During the first four years of the Obama presidency, 22,000 African-American men were murdered. "You can't hide from this problem," former Secretary of State Colin Powell said to ABC's Pierre Thomas for "This Week," attributing ongoing violence and racial injustice to "historic roots [that] continue to contaminate the present."
The problems sprouting from those historical roots include an African-American high school graduation rate 28% below their white peers', and higher rates of crime - both as victims and as victimizers.
Hoping to make headway at last on these intractable problems, President Obama this week launched the "My Brother's Keeper" initiative, aimed at tying together the nation's best mentoring programs and providing educational and economic opportunities to at-risk youth.
For President Obama, "My Brother's Keeper" is not just policy; it's personal. At the launch event on Thursday, Obama spoke of the young black men whose paths, he said, could easily have been his own.
"When I was their age, I was a lot like them," President Obama said. "I didn't have a dad in the house. And I was angry about it. I made bad choices. I got high without always thinking about the harm that it could do. I didn't always take school as seriously as I should have. I made excuses."
As part of the announcement, the president unveiled pledges of $350 million in private donations and commitments from leaders from all walks of American life to help young men break the cycle of violence and poverty.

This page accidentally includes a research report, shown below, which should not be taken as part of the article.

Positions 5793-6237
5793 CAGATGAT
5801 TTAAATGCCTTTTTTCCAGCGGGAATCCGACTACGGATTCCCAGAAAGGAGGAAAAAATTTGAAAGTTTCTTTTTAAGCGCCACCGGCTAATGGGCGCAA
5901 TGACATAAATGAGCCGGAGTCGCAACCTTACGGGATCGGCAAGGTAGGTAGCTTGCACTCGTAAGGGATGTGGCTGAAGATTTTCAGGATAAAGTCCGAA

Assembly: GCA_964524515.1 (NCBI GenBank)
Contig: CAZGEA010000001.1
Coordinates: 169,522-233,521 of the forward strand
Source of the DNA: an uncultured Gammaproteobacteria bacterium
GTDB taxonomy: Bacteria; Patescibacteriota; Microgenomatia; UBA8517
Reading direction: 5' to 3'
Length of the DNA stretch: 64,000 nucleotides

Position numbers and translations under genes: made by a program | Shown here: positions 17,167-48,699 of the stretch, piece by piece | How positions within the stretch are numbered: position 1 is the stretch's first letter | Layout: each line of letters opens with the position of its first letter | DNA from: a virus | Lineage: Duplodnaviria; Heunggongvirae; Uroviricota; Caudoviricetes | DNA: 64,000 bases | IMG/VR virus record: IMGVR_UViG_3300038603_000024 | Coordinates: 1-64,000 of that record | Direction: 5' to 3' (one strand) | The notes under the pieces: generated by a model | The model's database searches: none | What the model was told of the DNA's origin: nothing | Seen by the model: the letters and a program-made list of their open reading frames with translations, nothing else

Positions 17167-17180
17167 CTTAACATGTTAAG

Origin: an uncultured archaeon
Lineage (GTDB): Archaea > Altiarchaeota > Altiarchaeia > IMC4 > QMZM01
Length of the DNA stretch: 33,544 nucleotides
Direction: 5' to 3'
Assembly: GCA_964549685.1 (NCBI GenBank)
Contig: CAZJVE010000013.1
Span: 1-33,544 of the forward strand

One strong supporter of the program is Los Angeles Lakers legend Earvin "Magic" Johnson, who said that the symbolic power of "the most powerful man in the world saying that we have a problem" could not be overstated.
"We can jump on this problem early, and also tell the parents that they need to get with . . . their sons early," Johnson told ABC's Pierre Thomas. "I think we can turn this problem around, but it's going to take all of us."
White House senior adviser Valerie Jarrett addressed criticism from some African-American activists who have accused President Obama of failing his community by not being proactive earlier in his time in office on addressing the specific needs of minority communities.
Jarrett said that the economic crisis in the first term of Obama's presidency made it impossible to get everyone's attention focused on solving even the most important social problems. But, she concluded, "now that the economy is growing, now is the point where we have to make sure that every child has an opportunity."